CHICAGO (Reuters) - Major U.S. meat companies said on Monday they shut three facilities that produce pork and beef in Iowa and Pennsylvania in the latest disruption to the country’s food supply chain from the coronavirus outbreak.
Reduced meat output from the shutdowns threatens to tighten supplies of certain products at a time when demand is rising at grocery stores as the country battles COVID-19, the respiratory illness caused by the novel coronavirus.
Tyson Foods Inc shut a hog slaughterhouse in Columbus Junction, Iowa, for the week after more than 24 cases of COVID-19 involving employees at the facility, according to a statement. The company said it would divert hogs to other pork plants in an attempt to minimize the disruption from the closure.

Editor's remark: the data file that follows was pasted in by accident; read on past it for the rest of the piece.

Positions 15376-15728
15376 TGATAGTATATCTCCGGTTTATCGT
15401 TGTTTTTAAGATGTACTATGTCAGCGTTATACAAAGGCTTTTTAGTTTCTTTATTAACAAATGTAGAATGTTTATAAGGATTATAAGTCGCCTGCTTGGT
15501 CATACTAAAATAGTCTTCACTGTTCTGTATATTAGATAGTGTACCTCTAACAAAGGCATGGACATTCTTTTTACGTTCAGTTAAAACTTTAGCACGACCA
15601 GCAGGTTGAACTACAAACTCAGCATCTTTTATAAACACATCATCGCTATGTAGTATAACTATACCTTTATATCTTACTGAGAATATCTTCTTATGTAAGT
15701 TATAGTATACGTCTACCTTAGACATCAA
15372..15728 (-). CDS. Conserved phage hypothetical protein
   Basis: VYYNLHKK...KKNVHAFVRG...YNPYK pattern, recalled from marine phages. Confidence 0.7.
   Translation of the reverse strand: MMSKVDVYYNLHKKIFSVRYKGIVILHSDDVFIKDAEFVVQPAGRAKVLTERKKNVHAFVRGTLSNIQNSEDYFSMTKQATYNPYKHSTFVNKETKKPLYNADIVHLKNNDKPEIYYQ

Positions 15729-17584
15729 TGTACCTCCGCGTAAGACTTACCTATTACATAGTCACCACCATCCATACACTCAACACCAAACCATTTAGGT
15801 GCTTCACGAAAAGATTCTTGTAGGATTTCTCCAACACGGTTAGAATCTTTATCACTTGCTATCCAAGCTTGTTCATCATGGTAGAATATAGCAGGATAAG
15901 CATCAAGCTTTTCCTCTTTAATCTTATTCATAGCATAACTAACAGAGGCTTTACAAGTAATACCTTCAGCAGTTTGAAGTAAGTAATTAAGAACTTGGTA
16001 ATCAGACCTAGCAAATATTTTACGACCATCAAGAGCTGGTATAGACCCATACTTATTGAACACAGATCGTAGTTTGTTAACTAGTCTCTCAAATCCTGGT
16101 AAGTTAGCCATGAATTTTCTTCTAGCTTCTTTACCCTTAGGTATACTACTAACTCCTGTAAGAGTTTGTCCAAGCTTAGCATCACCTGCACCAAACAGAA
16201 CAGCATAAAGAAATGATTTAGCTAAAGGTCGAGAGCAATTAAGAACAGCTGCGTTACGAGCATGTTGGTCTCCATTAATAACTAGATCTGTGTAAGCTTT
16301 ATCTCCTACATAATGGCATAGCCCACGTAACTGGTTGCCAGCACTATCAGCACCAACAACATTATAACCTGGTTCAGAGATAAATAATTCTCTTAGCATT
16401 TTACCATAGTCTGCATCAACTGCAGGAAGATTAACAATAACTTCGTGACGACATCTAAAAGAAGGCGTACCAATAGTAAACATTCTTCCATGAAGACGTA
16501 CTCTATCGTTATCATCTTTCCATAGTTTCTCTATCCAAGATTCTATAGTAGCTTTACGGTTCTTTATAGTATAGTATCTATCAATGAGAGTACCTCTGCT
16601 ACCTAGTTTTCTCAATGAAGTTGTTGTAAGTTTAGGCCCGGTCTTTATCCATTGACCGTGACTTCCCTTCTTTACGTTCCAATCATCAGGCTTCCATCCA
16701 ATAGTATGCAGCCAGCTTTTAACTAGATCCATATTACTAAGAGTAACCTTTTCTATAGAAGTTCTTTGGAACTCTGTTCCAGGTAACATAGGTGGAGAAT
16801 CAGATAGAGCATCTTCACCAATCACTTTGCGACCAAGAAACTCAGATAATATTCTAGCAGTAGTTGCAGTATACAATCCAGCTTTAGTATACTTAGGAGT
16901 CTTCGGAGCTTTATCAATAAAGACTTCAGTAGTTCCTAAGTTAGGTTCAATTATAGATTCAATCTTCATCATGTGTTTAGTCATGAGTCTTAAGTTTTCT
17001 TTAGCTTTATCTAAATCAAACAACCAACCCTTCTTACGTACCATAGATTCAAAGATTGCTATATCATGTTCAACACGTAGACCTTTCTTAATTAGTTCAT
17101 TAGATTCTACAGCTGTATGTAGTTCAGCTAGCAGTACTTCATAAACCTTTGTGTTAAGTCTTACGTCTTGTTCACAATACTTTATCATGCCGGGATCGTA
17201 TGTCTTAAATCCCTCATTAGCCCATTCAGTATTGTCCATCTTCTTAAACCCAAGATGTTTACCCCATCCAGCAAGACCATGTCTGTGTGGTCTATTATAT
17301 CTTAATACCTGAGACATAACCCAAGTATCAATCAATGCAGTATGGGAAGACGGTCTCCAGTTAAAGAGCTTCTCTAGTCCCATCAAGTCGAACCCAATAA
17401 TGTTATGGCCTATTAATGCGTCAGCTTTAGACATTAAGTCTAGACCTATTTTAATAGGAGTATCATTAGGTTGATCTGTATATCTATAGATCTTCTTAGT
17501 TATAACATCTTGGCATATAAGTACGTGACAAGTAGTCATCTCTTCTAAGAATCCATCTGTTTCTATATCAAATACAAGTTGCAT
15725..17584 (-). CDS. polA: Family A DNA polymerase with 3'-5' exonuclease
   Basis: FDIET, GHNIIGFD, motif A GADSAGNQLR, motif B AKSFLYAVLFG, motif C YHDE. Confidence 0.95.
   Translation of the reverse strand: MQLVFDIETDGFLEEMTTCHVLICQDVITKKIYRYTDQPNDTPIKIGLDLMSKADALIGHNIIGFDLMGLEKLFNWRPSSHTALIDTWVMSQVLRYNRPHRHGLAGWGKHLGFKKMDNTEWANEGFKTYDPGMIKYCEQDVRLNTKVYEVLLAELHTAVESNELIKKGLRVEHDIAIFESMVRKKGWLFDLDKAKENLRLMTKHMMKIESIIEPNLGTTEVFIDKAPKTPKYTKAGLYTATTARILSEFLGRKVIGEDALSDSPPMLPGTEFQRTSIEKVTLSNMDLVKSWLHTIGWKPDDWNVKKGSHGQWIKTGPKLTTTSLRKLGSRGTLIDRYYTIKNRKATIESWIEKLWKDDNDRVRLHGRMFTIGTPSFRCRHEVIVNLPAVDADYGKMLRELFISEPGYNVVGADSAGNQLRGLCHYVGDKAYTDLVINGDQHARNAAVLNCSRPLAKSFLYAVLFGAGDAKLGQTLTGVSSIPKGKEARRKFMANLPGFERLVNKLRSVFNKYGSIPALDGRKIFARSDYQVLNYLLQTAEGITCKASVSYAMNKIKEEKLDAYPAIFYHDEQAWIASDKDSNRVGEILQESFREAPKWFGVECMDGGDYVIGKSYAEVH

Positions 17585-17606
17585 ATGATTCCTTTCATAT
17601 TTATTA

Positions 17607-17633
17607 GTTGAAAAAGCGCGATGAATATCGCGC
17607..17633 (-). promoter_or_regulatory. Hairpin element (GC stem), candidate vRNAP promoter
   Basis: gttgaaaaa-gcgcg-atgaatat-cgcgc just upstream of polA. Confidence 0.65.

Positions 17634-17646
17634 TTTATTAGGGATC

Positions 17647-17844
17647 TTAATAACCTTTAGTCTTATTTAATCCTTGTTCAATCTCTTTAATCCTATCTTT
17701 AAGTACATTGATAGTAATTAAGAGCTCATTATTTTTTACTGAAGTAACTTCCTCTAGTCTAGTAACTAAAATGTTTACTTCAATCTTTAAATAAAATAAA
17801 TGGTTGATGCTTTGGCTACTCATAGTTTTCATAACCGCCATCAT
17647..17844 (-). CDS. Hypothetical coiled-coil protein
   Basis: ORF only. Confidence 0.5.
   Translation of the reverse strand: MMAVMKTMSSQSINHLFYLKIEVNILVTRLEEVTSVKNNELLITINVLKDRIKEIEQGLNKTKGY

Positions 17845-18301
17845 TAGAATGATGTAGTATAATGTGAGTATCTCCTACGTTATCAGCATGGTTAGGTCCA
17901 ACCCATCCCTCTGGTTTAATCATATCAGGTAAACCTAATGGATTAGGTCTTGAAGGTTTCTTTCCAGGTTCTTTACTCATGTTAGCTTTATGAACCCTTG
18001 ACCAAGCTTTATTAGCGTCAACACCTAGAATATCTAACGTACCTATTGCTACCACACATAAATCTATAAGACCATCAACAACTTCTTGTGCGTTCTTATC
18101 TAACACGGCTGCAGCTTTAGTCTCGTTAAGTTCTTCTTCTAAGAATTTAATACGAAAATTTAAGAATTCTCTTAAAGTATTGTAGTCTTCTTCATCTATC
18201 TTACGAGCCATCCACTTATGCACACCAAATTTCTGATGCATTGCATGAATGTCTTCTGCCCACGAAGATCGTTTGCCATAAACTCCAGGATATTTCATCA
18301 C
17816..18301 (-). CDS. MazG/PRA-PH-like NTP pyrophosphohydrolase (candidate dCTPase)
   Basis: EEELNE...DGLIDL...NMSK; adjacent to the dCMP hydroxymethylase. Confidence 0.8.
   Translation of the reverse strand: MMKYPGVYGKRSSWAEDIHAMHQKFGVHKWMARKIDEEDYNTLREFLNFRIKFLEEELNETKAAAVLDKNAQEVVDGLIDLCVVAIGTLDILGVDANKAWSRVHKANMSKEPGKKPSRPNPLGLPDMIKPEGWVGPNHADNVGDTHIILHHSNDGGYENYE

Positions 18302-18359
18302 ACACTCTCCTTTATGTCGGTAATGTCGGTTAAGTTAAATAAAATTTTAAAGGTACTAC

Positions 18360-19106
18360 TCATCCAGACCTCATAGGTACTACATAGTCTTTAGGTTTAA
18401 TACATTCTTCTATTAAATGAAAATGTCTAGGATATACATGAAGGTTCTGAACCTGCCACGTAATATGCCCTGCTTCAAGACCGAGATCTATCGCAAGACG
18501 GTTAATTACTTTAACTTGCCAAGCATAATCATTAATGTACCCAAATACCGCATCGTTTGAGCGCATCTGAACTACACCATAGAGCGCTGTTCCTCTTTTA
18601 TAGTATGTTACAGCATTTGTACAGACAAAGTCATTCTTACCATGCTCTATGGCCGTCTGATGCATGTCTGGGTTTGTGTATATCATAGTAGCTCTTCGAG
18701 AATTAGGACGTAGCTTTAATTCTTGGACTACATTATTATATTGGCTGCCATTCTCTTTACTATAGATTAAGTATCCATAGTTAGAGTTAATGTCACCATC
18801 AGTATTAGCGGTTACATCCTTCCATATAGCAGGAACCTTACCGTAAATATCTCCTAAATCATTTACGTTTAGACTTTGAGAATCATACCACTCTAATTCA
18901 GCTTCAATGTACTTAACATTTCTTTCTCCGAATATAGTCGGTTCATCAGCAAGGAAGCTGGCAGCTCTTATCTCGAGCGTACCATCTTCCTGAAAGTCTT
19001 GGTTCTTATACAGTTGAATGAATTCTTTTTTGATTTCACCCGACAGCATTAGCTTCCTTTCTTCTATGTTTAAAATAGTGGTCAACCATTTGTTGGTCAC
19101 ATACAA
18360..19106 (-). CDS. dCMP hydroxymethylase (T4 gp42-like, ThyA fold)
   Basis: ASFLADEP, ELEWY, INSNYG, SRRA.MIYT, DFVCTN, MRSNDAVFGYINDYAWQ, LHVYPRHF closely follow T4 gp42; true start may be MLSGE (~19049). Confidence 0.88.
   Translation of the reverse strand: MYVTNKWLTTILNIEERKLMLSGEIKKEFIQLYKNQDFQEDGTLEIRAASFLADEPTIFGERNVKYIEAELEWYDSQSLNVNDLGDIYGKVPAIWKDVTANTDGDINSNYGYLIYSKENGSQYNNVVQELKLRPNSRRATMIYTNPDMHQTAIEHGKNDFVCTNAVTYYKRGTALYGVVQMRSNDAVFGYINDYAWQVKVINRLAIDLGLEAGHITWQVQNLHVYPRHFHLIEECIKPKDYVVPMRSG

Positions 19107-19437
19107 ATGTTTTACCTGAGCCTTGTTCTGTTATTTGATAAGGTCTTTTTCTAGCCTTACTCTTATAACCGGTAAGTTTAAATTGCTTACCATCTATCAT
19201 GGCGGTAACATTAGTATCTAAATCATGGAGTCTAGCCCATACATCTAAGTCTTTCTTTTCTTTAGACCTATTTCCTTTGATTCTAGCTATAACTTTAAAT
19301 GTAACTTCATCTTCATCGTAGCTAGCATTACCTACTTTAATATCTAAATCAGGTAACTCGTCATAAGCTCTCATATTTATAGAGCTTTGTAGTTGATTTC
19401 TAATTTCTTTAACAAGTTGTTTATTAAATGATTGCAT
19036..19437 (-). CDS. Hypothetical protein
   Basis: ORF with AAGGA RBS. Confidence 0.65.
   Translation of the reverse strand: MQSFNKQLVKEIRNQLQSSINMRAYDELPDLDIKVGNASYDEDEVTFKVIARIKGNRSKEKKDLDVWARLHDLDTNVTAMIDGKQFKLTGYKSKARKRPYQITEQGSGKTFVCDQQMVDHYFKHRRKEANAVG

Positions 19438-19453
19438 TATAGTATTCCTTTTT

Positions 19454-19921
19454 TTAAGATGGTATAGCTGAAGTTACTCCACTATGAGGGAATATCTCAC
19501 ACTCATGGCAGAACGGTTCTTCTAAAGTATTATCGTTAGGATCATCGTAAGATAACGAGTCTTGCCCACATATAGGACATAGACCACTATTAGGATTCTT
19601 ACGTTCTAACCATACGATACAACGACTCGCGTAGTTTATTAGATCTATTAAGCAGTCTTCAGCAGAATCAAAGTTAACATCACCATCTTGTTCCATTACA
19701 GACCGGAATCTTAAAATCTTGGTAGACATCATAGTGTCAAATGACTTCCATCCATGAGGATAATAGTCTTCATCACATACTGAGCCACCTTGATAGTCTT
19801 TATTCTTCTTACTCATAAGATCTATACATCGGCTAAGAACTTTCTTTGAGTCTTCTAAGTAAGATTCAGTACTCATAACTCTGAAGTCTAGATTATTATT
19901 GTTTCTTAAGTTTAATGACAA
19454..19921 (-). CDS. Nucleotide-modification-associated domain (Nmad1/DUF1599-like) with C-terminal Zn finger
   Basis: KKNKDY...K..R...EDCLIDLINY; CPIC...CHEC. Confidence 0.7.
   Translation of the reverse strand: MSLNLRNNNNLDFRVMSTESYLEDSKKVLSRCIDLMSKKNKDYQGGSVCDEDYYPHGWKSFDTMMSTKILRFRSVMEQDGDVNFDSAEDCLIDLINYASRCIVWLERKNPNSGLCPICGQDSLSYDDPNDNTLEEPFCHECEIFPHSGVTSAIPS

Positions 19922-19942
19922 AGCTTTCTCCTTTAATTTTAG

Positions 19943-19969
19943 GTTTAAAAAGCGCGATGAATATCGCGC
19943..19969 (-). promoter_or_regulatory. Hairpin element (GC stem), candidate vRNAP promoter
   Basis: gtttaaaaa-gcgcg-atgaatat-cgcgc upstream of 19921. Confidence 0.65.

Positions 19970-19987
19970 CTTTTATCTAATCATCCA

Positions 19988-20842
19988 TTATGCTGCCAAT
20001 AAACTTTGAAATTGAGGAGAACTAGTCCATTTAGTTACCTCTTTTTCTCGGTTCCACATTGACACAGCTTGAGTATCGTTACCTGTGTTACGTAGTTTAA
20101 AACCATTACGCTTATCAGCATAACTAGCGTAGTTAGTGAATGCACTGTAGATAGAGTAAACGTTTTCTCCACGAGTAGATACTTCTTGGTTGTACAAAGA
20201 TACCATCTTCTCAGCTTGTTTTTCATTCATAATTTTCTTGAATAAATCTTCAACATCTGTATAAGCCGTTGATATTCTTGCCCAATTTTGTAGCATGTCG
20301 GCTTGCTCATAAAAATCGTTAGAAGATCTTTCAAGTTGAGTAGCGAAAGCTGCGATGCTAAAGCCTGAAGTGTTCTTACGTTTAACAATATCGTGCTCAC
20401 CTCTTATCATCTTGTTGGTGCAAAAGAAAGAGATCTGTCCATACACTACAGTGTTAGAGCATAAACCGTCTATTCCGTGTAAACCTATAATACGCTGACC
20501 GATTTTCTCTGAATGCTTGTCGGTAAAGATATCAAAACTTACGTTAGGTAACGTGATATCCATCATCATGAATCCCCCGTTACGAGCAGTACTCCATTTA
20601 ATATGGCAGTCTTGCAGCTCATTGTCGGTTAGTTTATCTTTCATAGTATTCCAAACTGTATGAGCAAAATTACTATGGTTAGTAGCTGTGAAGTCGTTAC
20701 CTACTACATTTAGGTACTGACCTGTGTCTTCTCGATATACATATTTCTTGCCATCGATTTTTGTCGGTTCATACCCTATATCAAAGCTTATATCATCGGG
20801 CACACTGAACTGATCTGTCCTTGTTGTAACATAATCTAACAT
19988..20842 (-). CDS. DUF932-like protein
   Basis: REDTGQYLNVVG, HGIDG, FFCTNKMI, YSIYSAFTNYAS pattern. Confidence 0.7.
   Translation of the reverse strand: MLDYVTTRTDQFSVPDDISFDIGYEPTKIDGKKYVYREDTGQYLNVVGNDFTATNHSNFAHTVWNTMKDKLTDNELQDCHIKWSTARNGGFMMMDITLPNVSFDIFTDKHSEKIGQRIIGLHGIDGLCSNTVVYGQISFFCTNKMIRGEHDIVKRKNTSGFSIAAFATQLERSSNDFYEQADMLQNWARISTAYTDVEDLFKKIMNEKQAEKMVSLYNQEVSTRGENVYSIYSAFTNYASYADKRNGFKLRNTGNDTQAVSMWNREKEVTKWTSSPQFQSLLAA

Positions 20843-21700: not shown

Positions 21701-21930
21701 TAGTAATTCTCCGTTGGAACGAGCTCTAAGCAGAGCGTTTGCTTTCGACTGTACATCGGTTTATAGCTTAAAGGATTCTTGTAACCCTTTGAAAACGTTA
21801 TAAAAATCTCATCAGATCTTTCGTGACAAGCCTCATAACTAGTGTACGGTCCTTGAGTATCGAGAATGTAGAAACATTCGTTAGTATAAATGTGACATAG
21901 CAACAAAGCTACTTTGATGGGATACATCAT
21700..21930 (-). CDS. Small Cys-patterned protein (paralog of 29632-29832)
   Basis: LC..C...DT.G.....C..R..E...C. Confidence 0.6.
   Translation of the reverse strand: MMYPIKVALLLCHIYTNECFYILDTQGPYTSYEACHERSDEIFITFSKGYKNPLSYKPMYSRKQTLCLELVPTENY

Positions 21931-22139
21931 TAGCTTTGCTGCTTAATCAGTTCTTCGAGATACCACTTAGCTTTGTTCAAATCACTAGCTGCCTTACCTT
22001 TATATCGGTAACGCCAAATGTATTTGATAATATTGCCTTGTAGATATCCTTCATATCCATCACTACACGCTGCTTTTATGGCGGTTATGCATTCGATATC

The facility kills about 10,100 pigs a day, or about 2% of the country’s total slaughtering capacity, said Steve Meyer, economist for U.S. commodity firm Kerns and Associates.
National Beef Packing Co [NBEEF.UL] said it suspended cattle slaughtering this week at a plant in Tama, Iowa, for a cleaning that was previously scheduled for later this month.
“These are unprecedented times for our industry,” National Beef said in a statement.
JBS USA said in a statement it halted operations at a beef plant in Souderton, Pennsylvania, and would restart production on April 16. It added it decided to shut the facility to make sure it had “the appropriate management leadership in place before resuming operations.”
JBS, a subsidiary of Brazil-based JBS SA, reduced operations at the facility last week after senior managers suffered flu-like symptoms.
Reporting by Tom Polansek; Editing by Paul Simao and Peter Cooney